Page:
L3-G0, the real life working Lego R2-D2
L3-G0 is the world's first, full size working Lego R2-D2, at least that I know about. L3-G0 is entirely a fan creation. After we started building we heard rumor of another one, and eventually Legoland California did exhibit a version.
Then we went to Emerald City Comicon in 2013 and saw some of the wonderful Astromechs there. Of course I wanted to build one, but quickly realized it'd be a ton of effort, cost a lot, and I wasn't terribly familiar with the materials.
It should've been obvious, but "gee, I wanna build a droid" sat in one part of my brain while "I wonder what I'll build next in Lego" sat in another part. Eventually we came to the obvious conclusion: "Let's build an L3-G0". Don't know why it took so long.
Normally we grab a bunch of bricks and start building, then get more bricks, but for various reasons I started toying around with some of the sections in Lego Digital Designer to see if some of my ideas were practical. Of course, once I started, I forgot to stop.
|Original LDD Model (notice it's 1K bricks smaller than the as-built model)|
Then we had 15,000 piece model pretty much figured out, and all needed were acquiring the bricks! (Well, and some sort of frame, and some motors, and some electronics). The first part of L3-G0 was ready for Brickcon 2013 in October, about 3 months after starting the build.
The as-built model deviates extensively from the LDD model, and he's got an internal wood and aluminum frame. He was completed in time for Emerald City Comicon in March, almost 9 months after starting the LDD designs. L3-G0's fans love him.
The model is based on plans from the R2-D2 Builder's Club (Astromech.net) Of course brick isn't as finely detailed as manufactured parts, but he's pretty close to club spec. Unfortunately though some ideas were re-used, Lego is pretty thick compared to most of the club materials, so most of the structure is unique to L3-G0. He also doesn't have to support as much weight as the heavier R2-D2s, so that influence his design.
At Brickcon his head was controlled by a Lego Mindstorms EV3, sounds were provided by a Microsoft Surface, lights blinked with an Arduino and all of it programmed from a Surface Pro.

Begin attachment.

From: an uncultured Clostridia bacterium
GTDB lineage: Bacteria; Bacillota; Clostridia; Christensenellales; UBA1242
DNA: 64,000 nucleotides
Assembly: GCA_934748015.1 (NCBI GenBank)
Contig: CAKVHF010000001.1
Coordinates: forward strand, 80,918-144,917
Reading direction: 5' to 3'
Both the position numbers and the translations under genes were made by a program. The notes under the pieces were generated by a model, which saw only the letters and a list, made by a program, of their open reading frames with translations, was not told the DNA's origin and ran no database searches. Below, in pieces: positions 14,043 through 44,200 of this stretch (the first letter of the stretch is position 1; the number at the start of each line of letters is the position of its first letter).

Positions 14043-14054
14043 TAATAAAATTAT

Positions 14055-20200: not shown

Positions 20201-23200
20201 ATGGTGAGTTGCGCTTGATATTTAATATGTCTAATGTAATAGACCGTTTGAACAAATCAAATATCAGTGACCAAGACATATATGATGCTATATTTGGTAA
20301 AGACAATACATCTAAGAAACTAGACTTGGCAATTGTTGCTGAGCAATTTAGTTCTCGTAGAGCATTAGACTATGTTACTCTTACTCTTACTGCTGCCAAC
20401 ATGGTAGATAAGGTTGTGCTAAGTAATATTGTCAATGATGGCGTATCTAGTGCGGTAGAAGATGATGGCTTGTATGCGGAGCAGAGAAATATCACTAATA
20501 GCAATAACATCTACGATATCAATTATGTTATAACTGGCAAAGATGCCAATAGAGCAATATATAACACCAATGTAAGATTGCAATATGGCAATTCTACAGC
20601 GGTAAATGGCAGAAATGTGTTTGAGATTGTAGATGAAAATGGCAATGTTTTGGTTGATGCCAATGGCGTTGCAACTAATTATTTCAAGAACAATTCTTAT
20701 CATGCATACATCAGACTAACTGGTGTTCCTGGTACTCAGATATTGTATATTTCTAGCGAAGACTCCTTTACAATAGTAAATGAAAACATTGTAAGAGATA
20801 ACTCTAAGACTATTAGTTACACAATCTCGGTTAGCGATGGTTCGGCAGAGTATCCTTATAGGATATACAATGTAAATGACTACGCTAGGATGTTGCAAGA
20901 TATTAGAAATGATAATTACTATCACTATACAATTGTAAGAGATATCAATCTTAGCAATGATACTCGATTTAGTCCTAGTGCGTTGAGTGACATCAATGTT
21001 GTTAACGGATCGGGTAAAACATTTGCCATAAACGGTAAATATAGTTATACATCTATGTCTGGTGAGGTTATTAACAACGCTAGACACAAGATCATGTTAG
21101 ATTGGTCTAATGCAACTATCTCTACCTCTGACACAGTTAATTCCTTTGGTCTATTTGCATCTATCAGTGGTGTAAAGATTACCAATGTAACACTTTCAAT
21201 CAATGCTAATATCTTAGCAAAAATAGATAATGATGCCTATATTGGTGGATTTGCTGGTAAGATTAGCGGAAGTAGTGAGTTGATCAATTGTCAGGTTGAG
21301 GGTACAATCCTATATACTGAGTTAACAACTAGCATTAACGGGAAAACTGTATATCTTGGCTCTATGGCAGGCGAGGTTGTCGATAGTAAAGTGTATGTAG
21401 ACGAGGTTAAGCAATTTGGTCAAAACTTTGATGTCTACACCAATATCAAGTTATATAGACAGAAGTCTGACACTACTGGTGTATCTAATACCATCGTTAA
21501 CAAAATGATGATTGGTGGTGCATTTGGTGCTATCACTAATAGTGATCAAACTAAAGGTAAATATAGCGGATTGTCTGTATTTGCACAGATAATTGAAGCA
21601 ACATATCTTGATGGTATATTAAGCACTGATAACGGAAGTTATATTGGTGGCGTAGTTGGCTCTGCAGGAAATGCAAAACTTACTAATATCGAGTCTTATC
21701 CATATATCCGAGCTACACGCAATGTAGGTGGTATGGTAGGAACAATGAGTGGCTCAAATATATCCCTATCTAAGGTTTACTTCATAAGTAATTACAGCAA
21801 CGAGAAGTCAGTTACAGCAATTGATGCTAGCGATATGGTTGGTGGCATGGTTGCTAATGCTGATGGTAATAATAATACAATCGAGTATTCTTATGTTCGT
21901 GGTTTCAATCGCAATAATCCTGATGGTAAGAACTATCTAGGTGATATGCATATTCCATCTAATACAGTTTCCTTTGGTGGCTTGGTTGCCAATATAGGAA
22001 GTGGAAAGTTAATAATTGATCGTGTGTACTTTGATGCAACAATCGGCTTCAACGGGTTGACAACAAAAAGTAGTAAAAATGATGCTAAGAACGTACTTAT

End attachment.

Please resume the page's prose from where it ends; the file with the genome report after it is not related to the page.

Currently he has a radio-controlled system with chain drive electric scooter motors turning 4 wheels in each foot. The center foot has two casters, and all 3 ankles can bend. His head turns with a Pololu drive motor with a rubber wheel that spins the VXB bearing (smaller than club standard). The radio receiver is connected to simple motor controllers that provide an appropriate signal to the motors. Sound is controlled by a 2nd 12 channel transmitter with the receiver hooked to an MP3 "trigger". It's amplified by a cheap 20amp amp, hooked to Polk car speakers. An arduino still controls the head LEDs, which get power from wires connected through a slip ring so they don't get tangled. Its all still programmed by a Microsoft Surface Pro.
L3-G0 moves around pretty well, though there's usually room for improvement in these kinds of projects. He also turns his head, beeps, and blinks lights. Eventually we want to do more (other builders gasp when I mention 2-3-2 with Lego), but I don't seem to aim small.
I'd also like the remote to be a Surface, and have a Lego EV3 doing most of the internal controlling, but that's probably a ways off.
AppearancesL3-G0 appeared at Brickcon 2013 as a static model.
L3-G0 was fully functional for Emerald City Comic Con (ECCC) in 2014.
He also went walkabout around town on Star Wars Day 2014 (May the Fourth be with you!)
L3-G0 will appear at Brickcon 2014, though space constraints at the venue may limit his movement.
We're hoping to get to Star Wars Celebration in 2015, but aren't quite certain how to safely move 16,000 bricks 1,000 miles without ending up with, well, 16,000 bricks!
- Lego: 16,000 bricks (approx.)
- Weight: 65 pounds - 30 kg
- Speed: 8 km/h - 5 mph
- Height: 107cm tall - 42"
- Power: 12VDC @ 18Ah
- Radios: 9 channel airplane and 12 channel trigger type
- Computers: Currently 2 Arduinos with dedicated motor, sound and RC receiver controllers, programmed by Microsoft Surface Pro.
PeopleL3-G0 is built by Shawn & Lara Steele with help from Nikita Steele, Laurel Lee Steele and Hosik Lee. The Steele's are members of Sealug, the Seattle Lego User's Group, the R2-D2 Builders Club, and the Pacific NW R2 Builders Club.
We also have a "thanks" page for people/groups that helped with materials.